• Identify jobs and job families that do not vary by expectations. Apply a simpler structure to jobs where there is less variability in both the expectations of the role and in the talent assigned to the jobs. This already happens in many instances for sales and revenue-generating roles. However, could that also be expanded to other roles such as customer services, IT, finance, etc.?

  • Develop more guidance for people managers. Rather than leaving people managers entirely to their own personal views and experiences, drive greater consistency by reducing the flexibility in how they administer pay. For example, allow only three data points within a salary range for incumbents who are developing, competent, and advanced.

  • Narrow pay for performance outcomesThe scope of pay for performance outcomes for many roles could be narrowed considerably. Similar to the salary range example above, for many roles, you may wish to offer two outcomes for bonus, target, or zero. This would greatly simplify outcomes and improve transparency.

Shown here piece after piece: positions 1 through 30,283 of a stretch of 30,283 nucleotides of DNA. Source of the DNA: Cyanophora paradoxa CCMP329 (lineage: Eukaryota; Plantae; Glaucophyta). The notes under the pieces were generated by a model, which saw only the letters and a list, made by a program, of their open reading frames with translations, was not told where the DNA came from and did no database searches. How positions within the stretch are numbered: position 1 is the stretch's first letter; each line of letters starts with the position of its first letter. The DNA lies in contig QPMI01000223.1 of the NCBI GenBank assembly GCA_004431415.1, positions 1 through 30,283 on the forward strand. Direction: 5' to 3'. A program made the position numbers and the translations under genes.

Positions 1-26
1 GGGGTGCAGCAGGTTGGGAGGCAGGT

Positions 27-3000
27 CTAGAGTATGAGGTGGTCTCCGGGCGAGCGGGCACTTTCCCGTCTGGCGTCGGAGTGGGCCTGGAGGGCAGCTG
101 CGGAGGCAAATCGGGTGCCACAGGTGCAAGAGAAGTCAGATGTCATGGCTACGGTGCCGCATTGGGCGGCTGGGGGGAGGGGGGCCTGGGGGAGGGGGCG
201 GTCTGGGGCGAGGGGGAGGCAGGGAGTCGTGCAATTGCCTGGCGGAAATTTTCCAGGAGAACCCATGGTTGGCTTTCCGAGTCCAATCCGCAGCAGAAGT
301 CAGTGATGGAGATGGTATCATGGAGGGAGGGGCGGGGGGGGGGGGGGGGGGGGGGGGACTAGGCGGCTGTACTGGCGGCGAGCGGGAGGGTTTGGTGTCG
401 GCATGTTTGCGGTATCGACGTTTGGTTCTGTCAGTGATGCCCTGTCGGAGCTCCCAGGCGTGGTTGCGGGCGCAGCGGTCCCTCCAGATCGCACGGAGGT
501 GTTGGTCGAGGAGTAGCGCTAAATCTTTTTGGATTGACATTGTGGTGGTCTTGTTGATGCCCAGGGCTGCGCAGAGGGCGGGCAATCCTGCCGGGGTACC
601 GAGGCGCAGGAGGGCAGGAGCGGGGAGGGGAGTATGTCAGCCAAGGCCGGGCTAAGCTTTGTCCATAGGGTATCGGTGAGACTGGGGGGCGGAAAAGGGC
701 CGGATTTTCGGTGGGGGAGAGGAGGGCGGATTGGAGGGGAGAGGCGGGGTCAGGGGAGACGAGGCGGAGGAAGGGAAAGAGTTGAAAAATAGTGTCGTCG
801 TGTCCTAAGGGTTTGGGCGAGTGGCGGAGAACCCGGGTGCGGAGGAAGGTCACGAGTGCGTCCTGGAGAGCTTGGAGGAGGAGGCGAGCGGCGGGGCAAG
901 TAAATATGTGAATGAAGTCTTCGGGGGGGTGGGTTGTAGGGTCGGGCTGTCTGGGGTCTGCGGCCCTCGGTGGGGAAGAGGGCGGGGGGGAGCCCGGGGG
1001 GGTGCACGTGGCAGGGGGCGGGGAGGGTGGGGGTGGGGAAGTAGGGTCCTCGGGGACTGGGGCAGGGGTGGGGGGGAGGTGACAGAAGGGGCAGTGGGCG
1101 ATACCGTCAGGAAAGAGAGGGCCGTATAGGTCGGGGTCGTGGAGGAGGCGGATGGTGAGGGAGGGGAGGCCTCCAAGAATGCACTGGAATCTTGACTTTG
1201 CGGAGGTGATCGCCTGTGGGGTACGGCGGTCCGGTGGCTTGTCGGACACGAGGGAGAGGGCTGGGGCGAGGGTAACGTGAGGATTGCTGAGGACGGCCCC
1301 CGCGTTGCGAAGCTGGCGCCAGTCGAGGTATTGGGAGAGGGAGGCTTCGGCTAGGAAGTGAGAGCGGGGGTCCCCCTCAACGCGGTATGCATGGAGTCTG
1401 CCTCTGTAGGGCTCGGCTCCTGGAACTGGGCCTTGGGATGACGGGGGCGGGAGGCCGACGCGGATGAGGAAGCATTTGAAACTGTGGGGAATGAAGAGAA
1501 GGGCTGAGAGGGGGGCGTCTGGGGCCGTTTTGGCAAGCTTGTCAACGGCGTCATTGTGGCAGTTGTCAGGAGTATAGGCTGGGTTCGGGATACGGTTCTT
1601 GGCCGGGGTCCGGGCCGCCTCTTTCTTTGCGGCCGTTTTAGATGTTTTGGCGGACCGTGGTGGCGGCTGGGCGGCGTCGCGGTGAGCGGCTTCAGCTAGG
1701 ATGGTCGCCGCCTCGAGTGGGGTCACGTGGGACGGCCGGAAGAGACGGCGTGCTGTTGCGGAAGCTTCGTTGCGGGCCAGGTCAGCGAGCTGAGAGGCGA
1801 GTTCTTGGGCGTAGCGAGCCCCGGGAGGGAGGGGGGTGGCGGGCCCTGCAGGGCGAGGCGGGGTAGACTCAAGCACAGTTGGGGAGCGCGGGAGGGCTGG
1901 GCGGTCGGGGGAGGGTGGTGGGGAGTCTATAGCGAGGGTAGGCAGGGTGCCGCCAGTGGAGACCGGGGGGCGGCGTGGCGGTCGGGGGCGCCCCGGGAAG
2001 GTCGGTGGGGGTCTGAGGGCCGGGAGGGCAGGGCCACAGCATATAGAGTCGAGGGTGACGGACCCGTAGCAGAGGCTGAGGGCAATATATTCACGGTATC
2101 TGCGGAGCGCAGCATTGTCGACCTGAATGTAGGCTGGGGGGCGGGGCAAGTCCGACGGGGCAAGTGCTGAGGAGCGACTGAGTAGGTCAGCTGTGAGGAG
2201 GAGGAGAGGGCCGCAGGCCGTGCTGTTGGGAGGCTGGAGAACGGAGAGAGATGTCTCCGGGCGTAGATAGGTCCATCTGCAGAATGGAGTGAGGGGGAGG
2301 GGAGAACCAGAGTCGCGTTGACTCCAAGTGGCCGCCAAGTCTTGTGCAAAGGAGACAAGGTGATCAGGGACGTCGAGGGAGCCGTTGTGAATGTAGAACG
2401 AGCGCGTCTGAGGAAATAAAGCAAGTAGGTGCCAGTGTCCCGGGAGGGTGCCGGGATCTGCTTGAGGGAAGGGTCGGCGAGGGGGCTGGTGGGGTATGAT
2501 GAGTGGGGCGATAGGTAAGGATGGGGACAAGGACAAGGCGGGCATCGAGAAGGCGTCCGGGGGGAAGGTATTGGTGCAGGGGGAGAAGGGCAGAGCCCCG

• Solving the equity distribution puzzle. Equity distribution can vary depending on the nature of the company. However, a simplified model can be implemented by establishing clear guidelines by grade, ensuring consistency in both promotional equity awards and ongoing equity refresh awards. This approach not only simplifies the compensation structure but also reinforces the overarching philosophy of pay equity, transparency, and long-term success.


Closing Thoughts 


When navigating employee compensation, it's important to remember that one size does not fit all, particularly at a time of evolving pay transparency requirements. It seems inevitable that some flexibility and subjectivity in today’s models will go away, the more information is shared publicly.


Some of these changes are no doubt radical. It will be interesting to see how this space evolves over the next few years. What ideas do you see being implemented sooner?


Drop us a line at hello@nuahr.com with your thoughts on "simplified" pay structures or to discuss your company's compensation needs.